‘Punching the Air’

Photographer Holly Wilmeth tells Brandon Hoops the story behind one of her favorite pictures from Cuba

By / June 2012

We do not know the road. Nor do we really care to know. We’ve silenced the voice on our dashboard, with its preference for stiff movements and straight lines, and drifted onto a dirt road, which moves slow and brown like a tired river through the Cuban countryside near Vinales, two hours from Havana.

The scenery framed from the windows of our small rental car has the simplicity of a sepia-toned photograph. The hills stand in the distance, wearing warm greens and dusty tans. Tobacco plants cover the fields below. What ground is exposed closest to the road could use a little moisture for its cracked skin.

It might not be an impressive display to most, but for two photographers who can’t let their cameras ride as passive passengers, it’s absolutely gorgeous; it’s hard to not stop every minute to take another picture or two or ten.

One such moment came when we spotted a row of palm trees farther along the road. We pulled off to the side, eager to preserve a piece of the tall, stately pillars. As we got out, two boys came alongside of us riding their horses bareback. They talked fast and moved their horses even faster when they realized we were photographers. They were boys, and of course they had to show off.

Holly Wilmeth, 34, is a freelance photographer based in San Miguel de Allende, Mexico, and Guatemala.

“Take my picture,” one boy shouted in Spanish as he put his barefoot to the side of the horse and rushed back and forth on the road. The other boy followed in kind, getting his horse to rear back on its hind legs while asking me to take a picture.

Although I was hesitant to photograph them at first, their innocence and playfulness won me over. I got down on the dusty road and caught the horse with its legs punching the air. Then I turned to the the other boy, and found him flat on his stomach with his arms wrapped around the torso of his horse as if he were hugging an oversized stuffed animal.

I probably took 15 shots, which is not very many, but horses don’t stay very still. They like motion. This made photography difficult. So when the boys eventually came back together and halted their horses on the road, one in front of the other, I got excited because I knew I was in position to take a picture with depth, a picture with personality.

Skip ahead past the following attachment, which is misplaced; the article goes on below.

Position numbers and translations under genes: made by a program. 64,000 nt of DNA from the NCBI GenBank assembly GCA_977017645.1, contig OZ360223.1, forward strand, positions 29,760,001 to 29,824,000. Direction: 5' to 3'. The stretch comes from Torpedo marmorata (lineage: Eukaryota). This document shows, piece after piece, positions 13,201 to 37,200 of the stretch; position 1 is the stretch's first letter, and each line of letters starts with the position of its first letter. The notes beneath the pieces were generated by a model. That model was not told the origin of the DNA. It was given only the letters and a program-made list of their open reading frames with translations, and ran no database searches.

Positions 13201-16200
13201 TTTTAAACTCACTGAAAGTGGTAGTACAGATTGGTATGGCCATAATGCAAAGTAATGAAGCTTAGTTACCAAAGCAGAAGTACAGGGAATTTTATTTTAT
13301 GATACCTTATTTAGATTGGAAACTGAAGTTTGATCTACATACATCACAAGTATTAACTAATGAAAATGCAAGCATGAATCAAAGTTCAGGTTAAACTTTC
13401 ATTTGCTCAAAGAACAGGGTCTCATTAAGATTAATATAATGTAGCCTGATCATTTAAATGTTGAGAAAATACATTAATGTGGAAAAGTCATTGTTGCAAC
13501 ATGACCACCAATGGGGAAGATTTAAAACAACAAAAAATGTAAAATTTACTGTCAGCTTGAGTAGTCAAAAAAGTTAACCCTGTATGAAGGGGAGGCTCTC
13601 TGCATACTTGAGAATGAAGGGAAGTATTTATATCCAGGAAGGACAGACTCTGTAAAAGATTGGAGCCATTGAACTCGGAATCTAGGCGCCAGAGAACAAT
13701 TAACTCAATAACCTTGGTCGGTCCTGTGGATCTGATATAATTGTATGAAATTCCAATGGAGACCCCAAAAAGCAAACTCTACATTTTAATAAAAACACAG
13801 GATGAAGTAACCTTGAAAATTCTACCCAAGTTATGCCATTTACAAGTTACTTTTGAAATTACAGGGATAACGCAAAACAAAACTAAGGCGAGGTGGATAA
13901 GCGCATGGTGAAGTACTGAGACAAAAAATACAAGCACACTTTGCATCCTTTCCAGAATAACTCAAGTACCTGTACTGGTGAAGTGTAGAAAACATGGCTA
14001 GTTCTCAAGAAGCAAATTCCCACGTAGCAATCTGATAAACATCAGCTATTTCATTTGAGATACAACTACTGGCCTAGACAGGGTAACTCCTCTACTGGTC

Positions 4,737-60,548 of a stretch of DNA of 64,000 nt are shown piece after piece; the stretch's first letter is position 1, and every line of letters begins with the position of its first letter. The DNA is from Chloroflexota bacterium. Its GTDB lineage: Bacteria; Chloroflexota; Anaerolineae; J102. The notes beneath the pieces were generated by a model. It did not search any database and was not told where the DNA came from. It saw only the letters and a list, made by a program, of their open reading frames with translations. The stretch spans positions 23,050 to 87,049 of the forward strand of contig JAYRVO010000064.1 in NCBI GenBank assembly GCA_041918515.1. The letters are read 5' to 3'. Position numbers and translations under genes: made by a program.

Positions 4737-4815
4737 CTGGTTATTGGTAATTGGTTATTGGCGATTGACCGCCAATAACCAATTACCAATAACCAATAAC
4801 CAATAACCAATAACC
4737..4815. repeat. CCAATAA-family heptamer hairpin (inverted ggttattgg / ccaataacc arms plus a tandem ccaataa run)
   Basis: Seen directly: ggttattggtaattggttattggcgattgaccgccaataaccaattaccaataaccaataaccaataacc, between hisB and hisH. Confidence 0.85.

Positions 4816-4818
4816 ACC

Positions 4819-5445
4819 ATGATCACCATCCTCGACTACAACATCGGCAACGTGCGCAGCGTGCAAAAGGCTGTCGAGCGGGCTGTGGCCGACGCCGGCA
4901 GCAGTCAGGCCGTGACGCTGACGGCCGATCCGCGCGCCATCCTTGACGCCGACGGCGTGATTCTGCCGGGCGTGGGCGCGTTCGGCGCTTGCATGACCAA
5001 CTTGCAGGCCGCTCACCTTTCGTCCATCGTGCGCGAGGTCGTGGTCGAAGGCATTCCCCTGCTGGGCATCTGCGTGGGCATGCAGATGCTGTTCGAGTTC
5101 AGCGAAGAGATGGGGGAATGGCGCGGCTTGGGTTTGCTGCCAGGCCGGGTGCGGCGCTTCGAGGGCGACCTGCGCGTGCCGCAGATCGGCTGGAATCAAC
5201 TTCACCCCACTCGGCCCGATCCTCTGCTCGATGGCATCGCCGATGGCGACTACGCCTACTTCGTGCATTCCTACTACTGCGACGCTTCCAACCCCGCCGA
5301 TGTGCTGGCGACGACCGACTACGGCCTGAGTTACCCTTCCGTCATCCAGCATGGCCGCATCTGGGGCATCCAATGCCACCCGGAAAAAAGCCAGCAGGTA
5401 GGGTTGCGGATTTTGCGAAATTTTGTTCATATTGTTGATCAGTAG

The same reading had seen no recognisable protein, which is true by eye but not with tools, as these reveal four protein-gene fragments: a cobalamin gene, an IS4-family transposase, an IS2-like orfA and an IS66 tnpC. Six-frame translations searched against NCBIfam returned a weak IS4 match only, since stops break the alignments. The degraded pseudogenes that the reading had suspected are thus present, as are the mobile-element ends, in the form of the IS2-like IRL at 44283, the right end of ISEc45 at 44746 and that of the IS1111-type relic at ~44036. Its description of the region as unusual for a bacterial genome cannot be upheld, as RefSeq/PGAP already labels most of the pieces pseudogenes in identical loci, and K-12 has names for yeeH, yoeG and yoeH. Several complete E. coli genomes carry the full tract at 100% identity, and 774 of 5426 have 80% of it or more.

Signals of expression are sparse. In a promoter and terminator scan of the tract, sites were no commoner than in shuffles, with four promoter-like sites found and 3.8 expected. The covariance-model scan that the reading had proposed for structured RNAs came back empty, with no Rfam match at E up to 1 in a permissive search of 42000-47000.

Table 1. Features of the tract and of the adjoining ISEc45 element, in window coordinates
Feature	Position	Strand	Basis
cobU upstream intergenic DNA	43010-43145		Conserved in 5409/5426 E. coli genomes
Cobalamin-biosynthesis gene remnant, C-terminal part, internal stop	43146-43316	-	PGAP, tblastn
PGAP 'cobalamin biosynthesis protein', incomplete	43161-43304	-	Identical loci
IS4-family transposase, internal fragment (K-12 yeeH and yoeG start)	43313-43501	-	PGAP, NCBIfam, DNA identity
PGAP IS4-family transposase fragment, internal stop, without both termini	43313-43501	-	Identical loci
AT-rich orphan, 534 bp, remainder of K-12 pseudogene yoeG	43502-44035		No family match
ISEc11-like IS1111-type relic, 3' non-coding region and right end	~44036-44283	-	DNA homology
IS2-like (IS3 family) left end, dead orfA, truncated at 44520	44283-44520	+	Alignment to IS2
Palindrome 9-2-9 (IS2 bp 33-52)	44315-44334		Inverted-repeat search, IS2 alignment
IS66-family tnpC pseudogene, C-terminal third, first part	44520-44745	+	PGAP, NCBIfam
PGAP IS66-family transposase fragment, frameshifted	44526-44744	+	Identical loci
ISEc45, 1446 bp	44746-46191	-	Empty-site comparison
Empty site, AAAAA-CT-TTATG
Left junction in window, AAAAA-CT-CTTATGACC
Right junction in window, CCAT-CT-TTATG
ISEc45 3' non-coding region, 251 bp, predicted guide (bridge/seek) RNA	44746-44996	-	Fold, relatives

Throughout my time in Cuba, I was always trying to break free of the predictable shots you find from the region, the shots of old cars and quiet, colorful streets. For instance, during my final days in Havana, I suddenly started photographing people and the objects they were carrying. What made the pictures unique is that I had them cover their faces with the objects. This series is one I’ve repeated in other places and it has become one of my most popular, and I think it’s because the images pull you intimately into the essence of who these people are.

People are at the core of all my travel and work. My journey in photography began in the countryside of Guatemala, documenting culture and agriculture, and it has taken me to 50 countries, including the times I’ve lived with nomad families in the Tibetan mountains and the Sahara desert.

No other form of art can document human life as readily as photography. Photography doesn’t lie. It is bold and raw. Sure you can mess with a situation or you can manipulate it in Photoshop, but because people let me into their space, I’m always asking, “How can I be as honest as possible to the situation?” I want to treat them with kindness and respect. I want to give them freedom to be themselves.

 

— as told to Brandon Hoops

 

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